Exhibition World Issue 2 — 2020 - Page 7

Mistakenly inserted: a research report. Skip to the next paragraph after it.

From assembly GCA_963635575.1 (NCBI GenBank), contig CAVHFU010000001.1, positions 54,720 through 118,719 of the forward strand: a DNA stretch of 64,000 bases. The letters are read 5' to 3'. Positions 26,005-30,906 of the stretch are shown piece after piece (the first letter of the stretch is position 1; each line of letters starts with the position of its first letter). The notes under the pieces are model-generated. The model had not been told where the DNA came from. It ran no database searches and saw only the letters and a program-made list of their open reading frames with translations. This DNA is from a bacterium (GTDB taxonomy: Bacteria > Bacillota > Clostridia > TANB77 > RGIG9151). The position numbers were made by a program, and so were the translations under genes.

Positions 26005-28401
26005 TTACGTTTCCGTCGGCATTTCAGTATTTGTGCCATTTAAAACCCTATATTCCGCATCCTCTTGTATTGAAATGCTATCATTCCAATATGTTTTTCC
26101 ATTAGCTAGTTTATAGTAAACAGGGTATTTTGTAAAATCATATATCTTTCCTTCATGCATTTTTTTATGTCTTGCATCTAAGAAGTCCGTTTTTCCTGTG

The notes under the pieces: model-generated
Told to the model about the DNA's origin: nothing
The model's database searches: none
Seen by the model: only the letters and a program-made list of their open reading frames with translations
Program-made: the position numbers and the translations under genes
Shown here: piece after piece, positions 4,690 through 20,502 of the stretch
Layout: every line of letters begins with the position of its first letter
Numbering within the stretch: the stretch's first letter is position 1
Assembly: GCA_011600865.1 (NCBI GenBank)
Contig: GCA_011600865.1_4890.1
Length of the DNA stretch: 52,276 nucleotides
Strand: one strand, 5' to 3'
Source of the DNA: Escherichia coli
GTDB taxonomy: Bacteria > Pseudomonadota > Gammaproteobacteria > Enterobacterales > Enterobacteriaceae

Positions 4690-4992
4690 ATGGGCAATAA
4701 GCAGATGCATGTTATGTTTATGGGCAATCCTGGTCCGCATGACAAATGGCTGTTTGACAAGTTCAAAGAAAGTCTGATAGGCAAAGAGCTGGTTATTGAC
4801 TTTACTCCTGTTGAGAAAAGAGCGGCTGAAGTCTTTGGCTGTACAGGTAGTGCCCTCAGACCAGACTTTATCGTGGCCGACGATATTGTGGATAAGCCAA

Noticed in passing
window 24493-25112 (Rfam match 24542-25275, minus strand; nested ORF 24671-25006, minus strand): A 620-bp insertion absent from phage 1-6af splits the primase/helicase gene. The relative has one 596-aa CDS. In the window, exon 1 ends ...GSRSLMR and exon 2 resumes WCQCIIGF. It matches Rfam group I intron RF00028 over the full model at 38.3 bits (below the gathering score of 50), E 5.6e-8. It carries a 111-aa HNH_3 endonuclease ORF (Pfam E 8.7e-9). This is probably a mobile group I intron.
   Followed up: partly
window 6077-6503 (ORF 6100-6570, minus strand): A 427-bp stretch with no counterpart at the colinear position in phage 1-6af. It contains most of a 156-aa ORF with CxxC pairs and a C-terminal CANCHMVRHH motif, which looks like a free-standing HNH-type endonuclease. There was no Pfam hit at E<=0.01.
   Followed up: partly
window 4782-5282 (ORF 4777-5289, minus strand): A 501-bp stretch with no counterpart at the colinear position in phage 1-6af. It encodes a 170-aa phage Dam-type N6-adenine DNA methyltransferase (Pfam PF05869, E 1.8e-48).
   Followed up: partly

UFI Connects audience with the Pope!” “I had hoped never to be in a position like SARS again,” Duck said, noting that coronavirus had taken everybody by surprise and anxieties had affected all.” Although professing himself an optimist, Duck did warn that some postponements were spilling over into 2021 because there was no more space available in late 2020. In terms of Informa, he said, the first show now on the books in Hong Kong was a jewellery show in June. “The industry really wants the show,” he underlined. Duck noted the lack of cash in the system with no ‘lifeblood’ circulating, although the government was trying to put something back in. He also welcomed the sparks of optimism at Shenyang and noted the situation in Japan was slowly going back to something like ‘normal’. Duck reported that his Hong Kong office was now open with a full complement of people, and Informa offices are open in Shanghai. He reported a new Hong Kong government initiative for giving approximately USD$1,300 to SMEs towards exhibiting at a tradeshow in future and noted subsidies were also available for venue costs for up to a year for some organisations. He described that as welcome help, with the last fair taking place in December in Hong Kong. Duck also drew attention to the livelihoods of the stand contractors and other increasing pressures on employers in the sector. Mark Cochrane asked if the situation was easier for countries oriented predominantly on shows for the domestic markets, like Japan. Duck said that with the Tokyo Olympics postponed, there could be opportunities for Big Sight to move back into exhibitions, as it had been commissioned as a media centre for the Games. He thought a network of ‘safe’ markets in Asia could soon also be forming. “We will all need to look at different w w w.exhibitionworld.co.uk ways of putting on new shows. Maybe some of the security systems might not be needed,” he added. “After all the problem now is not terrorism, it’s the virus. We don’t want lots of people queuing in future.” Cochrane asked how the organiser landscape might change. “Some will undoubtedly struggle to carry on and we will see some amalgamations,” said Duck, who said the more nimble sub-contractors without so many fixed costs were most likely to win through. “The fittest will survive,” he said. SACEOS and AIPC President and CEO of SingExpo, Aloysius Arlando noted that, in Singapore, what had begun as a public health emergency had become an economic emergency over the following months. “The trillion-dollar question is when it will end,” he said. Singapore was now dealing with a rise in imported cases of Covid-19 and anxiously awaiting the return of 200,000 of its students from abroad. New restrictions had been brought in and there was great emphasis, he said, on contact tracing and thermal screening and being generally pro- active in tracking the disease. He contrasted, however, the situation over SARS, where three months into the outbreak there had been light at the end of the tunnel. With Covid-19, Arlando said, “it was anyone’s guess how long it will last and when a vaccine will come out”. “We cannot be complacent,” he said, “as we just don’t know how the virus will morph.” Arlando added that Plan Bs were needed for all, noting that while the first postponements in January/ February had been for the June-August period, “we are now seeing plans for shows put in the first quarter of 2021.” “The ‘new normal’, even if we get out of the woods, must be precautionary measures being taken until we get a vaccine,” the SingEx CEO added and predicted a broad U-shape curve of recovery, but underlined that, “our shows depend on where the “The [Shenyang] centre has been told by authorities the ban on exhibitions is lifted.” buyers are coming from”. Expanding on a newly announced Singapore government package of support for the broader economy in general, including tourism and aviation, Arlando said that there was 25% government underwriting of wages and some lifelines to aviation. He said the exhibition industry should be ready for any restart and ruefully suggested summer holidays would probably have to be thrown out the window! He acknowledged the industry could face challenges around profile protection and the whole circuit of events would probably need a global reset. “There will definitely be a bunching of events,” he said. V. Anbu, CEO of BIEC in Bangalore, India, and incoming UFI President, added that India had been lucky that many large shows had already managed to take place before the coronavirus hit during the quieter time of year for shows. Most were scheduled for quarters three and four, said Anbu. One question from the UFI audience that cropped up many times was whether the virus outbreak was driving virtual events technology. “No doubt some are looking to make it work,” said Michael Duck, who thought it would be far more common alongside future shows. He admitted such technology could also be “a viable alternative” for shows unable to take place at all. Michael Kruppe wrapped up the discussion with some thoughts that the industry would have a “big puzzle” to solve about managing the likely big calendar squeeze and he recommended all interested in future UFI webinars to check the association’s website. Issue 2 2020 7